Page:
The UK produces and exports many precursor and essential chemicals.  HMG has chemical control legislation in place and the National Criminal Intelligence Service (NCIS) and the UK chemical industry cooperate in a voluntary monitoring scheme.  Additionally, HMG actively participates in the Council of Europe's Pompidou group which develops strategies to control trade in precursor and essential chemicals. 

British financial institutions have been vulnerable to money laundering.  The Criminal Justice (international cooperation) Act of 1993 which made money laundering illegal for all types of criminal offenses became effective on April 1, 1994.  Prior to enactment, only money laundering related  to narcotics and terrorism activities was illegal.  Offshore banking facilities in British territories (in the Caribbean and Hong Kong) also are believed to attract drug money and have adopted money laundering provisions.  HMG continues to actively participate in the Financial Action Task Force (FATF), and was the first to adopt the Council of Europe's directive on money laundering control.

III.  UK Counternarcotics Efforts in 1994 

Policy Initiatives.  HMG continued its active participation in international counternarcotics efforts.  In the Dublin Group, HMG chairs the Southwest Asia regional working group and participates in mini-Dublin Groups located in the capitals of most major drug producing and transit countries.  The UK provides bilateral anti-drug assistance to South America, and in Southwest Asian countries.  HMG contributed approximately $5.3 million to UNDCP in 1994.

In October 1994, HMG proposed a new domestic drug strategy.  The new strategy, "Tackling Drugs Together," focusses on increasing community safety from drug related crime, helping young people resist drugs, and reducing the health risks of drug abuse.  This strategy would be implemented through "drug action teams" comprising of police, probation, health, education, and prison authorities.   HMG plans to publish a formal proposal for Parliament to review in the Spring of 1995.

Accomplishments.  British authorities seized 1,300 kilos of cocaine in January 1994, the largest single cocaine seizure ever in the UK.  The cocaine originated in Venezuela and was destined for Poland where it would have been distributed throughout Europe.

In 1994, the British Parliament passed a new stringent criminal act law, which provides for longer sentences for illict drug use.

Agreements and Treaties.   HMG ratified the 1988 UN Convention in 1991, and is fully meeting the Convention's goals and objectives.  The United states and the UK have an active and cooperative extradition relationship under the governing extradition treaty.  During 1994 HMG extradited several persons wanted in the United States for drug-related offenses.  The USG and UK have an agreement allowing US Coast Guard personnel to serve aboard British ships patrolling Caribbean waters to control maritime drug smuggling.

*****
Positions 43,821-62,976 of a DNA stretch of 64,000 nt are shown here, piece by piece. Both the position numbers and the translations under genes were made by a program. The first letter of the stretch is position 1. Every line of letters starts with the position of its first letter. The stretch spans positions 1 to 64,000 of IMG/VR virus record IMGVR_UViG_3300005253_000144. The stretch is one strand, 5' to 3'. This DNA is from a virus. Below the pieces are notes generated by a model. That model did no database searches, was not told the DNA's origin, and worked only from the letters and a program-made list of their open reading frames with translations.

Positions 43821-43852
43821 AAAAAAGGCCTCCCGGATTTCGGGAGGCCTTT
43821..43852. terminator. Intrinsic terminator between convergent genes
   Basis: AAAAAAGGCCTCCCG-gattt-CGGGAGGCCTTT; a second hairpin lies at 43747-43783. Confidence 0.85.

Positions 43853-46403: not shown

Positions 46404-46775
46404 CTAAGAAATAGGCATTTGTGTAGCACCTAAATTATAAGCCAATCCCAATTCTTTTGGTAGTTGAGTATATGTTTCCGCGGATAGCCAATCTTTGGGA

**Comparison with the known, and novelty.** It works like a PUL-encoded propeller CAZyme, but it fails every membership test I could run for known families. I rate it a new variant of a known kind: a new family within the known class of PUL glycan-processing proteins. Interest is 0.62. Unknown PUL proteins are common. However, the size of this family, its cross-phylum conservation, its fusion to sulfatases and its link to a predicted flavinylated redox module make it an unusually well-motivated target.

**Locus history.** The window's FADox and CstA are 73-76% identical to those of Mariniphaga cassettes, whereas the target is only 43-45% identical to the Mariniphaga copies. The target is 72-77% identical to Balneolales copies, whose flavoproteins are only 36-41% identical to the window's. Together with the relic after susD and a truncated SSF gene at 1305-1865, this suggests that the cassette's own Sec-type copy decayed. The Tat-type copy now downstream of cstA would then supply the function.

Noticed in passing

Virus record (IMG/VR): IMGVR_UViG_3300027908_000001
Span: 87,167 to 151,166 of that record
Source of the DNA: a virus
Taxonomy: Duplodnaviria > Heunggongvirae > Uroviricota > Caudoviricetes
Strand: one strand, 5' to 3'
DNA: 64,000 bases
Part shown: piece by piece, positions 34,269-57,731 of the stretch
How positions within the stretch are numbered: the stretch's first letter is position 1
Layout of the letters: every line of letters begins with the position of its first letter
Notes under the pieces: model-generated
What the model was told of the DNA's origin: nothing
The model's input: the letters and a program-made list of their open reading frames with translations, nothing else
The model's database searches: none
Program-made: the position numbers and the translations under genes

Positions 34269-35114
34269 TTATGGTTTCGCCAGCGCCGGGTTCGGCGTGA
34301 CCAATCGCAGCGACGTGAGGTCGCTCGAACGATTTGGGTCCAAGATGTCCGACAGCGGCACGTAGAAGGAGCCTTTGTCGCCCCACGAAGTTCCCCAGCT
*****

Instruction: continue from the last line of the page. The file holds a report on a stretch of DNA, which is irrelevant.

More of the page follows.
Law Enforcement Efforts.  British law enforcement officials  are vigilant and effective.  In 1993 HMG seized nearly 56,000 kilograms of controlled substances (of which nearly eight percent was cannabis) and convicted, cautioned or fined 83,221 drug offenders.  In 1993 there were 70 to 80 prosecutions for money laundering.  Drug-related seizures prosecutions for 1994 have not yet been compiled.

Corruption.  The UK is free of narcotics-related public corruption.  HMG's anti-corruption laws deter public officials from facilitating the illicit production or distribution of drugs or the laundering of drug money.

Cultivation and Production. HMG authorities detected and destroyed a few laboratories manufacturing small amounts of LSD, amphetamines, and ecstasy.  A small amount of marijuana is grown in the UK exclusively for domestic consumption which authorities destroy when discovered.

Drug Flow/Transit.   Heroin and marijuana shipments generally originate in Afghanistan and Pakistan and are routed through the Balkans.  There is increasing concern about Russian organized crime transporting drugs to/through the UK.  Cocaine shipments usually arrive direct from Central and South America. 

Demand Reduction Programs.  HMG's demand reduction efforts focus on educating young people.  Teams located in high-risk urban areas work closely with the community in advertising harmful effects of drugs, dissementing information, offering training seminars for youth workers, and organizing diversionary activities for youngsters.

IV. US Policy Initiatives and Programs 

Since 1989 the USG and HMG have conducted periodic  consultations coordinating counternarcotics policies, plans and programs, in all areas of the two government's anti-drug efforts.  The USG does not have counternarcotics programs in the UK.  USG and HMG law enforcement cooperation is excellent.

HMG cooperation with the USG to trace or seize assets is good.  HMG local laws permit sharing of forfeited assets only with the USG.

The Road Ahead.  The USG will encourage HMG to maintain its support to UNDCP, its active participation in the FATF and the Dublin Group, and its good counternarcotics maritime cooperation with the USG in the Caribbean.  The USG will look to the UK, along with other Western European countries, to continue assisting Central Europe and the Newly Independent States with their anti-drug efforts.